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Is FACEBOOK spying on US?

The belief that Facebook is actively listening to people through their phones has become a full-on phenomenon. Facebook has, of course, denied it does this. That has done little to dampen the ongoing paranoia around the theory. “It listens to key words. If you say a word enough times, the algorithm catches those words and it sets off targeted ads. Most people using Facebook understand that the social network is a giant data-collecting machine. Some users put Facebook’s monstrous size and unknown goals out of mind, but others find it hard to dismiss. How much does Facebook know about them? What’s Facebook using that information for? And how much of these concerns are paranoia, and how much is real?

In many ways, of course Facebook is spying on you,” said Brandie Nonnecke, research and development manager at the University of California Berkeley’s Center for Information Technology Research in the Interest of Society. “It’s not doing it for malicious reasons. It’s trying to tailor content to you and advertisers.” There’s a reason Facebook gets a worse rap for this than, say, Google. With Google, it’s just ads. With Facebook, it’s personal. The ads and creepy suggested friends and prompts to celebrate holidays that may or may not apply all add up to something more unsettling. Barring leaving Facebook and Instagram a choice that would be untenable or extreme for many even privacy-aware users don’t feel like there’s much they can do about it.

Facebook’s just-creepy-enough ads and suggestions are perfectly built to cater to the psychological tendencies we already have. It’s part of the reason why the idea of an all-knowing social network has such staying power even when aspects of Facebook’s reaclike the microphone theory Lama favors—have been debunked. “In their thinking about these kinds of online privacy issues, people rely on heuristics—mental shortcuts or little rules of thumb,” said Shyam Sundar, a professor at Penn State who studies the social and psychological effects of online communication.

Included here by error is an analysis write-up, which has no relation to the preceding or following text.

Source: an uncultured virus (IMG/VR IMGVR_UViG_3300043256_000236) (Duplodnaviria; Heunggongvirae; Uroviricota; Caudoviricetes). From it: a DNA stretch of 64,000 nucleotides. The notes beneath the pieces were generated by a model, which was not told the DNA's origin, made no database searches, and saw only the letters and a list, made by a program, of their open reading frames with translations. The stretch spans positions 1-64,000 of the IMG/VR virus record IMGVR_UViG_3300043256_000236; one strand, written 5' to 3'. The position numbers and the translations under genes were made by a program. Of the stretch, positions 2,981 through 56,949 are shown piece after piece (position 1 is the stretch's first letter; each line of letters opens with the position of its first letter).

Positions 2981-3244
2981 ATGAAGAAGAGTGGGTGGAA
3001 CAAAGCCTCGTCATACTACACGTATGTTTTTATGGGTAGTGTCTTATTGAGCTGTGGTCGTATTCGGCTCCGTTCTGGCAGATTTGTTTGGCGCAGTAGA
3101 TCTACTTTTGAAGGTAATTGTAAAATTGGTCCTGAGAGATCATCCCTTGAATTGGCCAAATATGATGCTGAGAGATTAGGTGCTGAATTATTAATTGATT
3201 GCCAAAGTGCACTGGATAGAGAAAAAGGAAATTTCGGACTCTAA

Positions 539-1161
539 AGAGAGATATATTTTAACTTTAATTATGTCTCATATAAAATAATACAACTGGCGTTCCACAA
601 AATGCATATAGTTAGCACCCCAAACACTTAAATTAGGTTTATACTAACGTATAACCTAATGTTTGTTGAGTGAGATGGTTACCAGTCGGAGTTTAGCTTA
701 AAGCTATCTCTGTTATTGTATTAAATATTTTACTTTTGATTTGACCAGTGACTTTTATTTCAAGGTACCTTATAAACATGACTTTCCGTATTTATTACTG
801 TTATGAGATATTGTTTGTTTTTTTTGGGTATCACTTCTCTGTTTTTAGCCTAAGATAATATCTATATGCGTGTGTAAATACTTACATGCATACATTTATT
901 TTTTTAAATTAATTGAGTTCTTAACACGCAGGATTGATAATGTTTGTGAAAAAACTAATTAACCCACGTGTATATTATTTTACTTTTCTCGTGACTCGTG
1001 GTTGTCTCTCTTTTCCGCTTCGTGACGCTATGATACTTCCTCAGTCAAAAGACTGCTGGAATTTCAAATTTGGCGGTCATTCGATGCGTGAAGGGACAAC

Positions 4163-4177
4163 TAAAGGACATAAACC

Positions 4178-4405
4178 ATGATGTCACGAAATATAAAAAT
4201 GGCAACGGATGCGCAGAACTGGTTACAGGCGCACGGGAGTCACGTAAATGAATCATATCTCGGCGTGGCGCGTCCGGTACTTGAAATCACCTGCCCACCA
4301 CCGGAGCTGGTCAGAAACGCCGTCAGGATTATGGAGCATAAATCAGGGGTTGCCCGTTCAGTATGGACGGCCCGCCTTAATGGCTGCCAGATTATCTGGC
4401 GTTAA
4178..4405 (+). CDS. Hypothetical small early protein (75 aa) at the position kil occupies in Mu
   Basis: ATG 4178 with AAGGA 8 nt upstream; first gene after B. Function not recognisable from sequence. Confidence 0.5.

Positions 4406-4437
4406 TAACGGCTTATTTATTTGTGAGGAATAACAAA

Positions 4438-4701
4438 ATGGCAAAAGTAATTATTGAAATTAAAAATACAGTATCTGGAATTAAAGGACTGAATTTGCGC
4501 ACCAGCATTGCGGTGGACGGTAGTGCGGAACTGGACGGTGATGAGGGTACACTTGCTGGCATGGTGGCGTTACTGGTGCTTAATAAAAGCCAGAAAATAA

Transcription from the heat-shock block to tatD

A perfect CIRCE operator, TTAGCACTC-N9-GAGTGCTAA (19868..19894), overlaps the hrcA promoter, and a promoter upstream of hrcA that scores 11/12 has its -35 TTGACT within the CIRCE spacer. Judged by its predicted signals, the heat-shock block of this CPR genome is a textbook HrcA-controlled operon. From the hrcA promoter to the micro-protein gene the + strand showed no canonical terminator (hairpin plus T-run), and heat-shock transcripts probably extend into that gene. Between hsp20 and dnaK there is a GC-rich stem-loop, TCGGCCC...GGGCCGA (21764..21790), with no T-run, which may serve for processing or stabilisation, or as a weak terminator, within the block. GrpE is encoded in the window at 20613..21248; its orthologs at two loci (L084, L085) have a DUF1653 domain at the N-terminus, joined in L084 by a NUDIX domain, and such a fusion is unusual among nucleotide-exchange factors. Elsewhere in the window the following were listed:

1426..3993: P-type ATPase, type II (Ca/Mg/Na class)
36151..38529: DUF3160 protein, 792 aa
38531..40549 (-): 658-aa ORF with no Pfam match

All of this wouldn’t be that big an issue if we knew what Facebook was doing. But it’s still murky. Even with all the research explaining how humans interpret these kinds of coincidences, anything could be going on behind closed doors in Menlo Park. One reason people are so sensitive to potential intrusion from Facebook is that they have the sense that something is off. Since Facebook isn’t exactly forthcoming with details, users assume the worst. And they’re not necessarily wrong.

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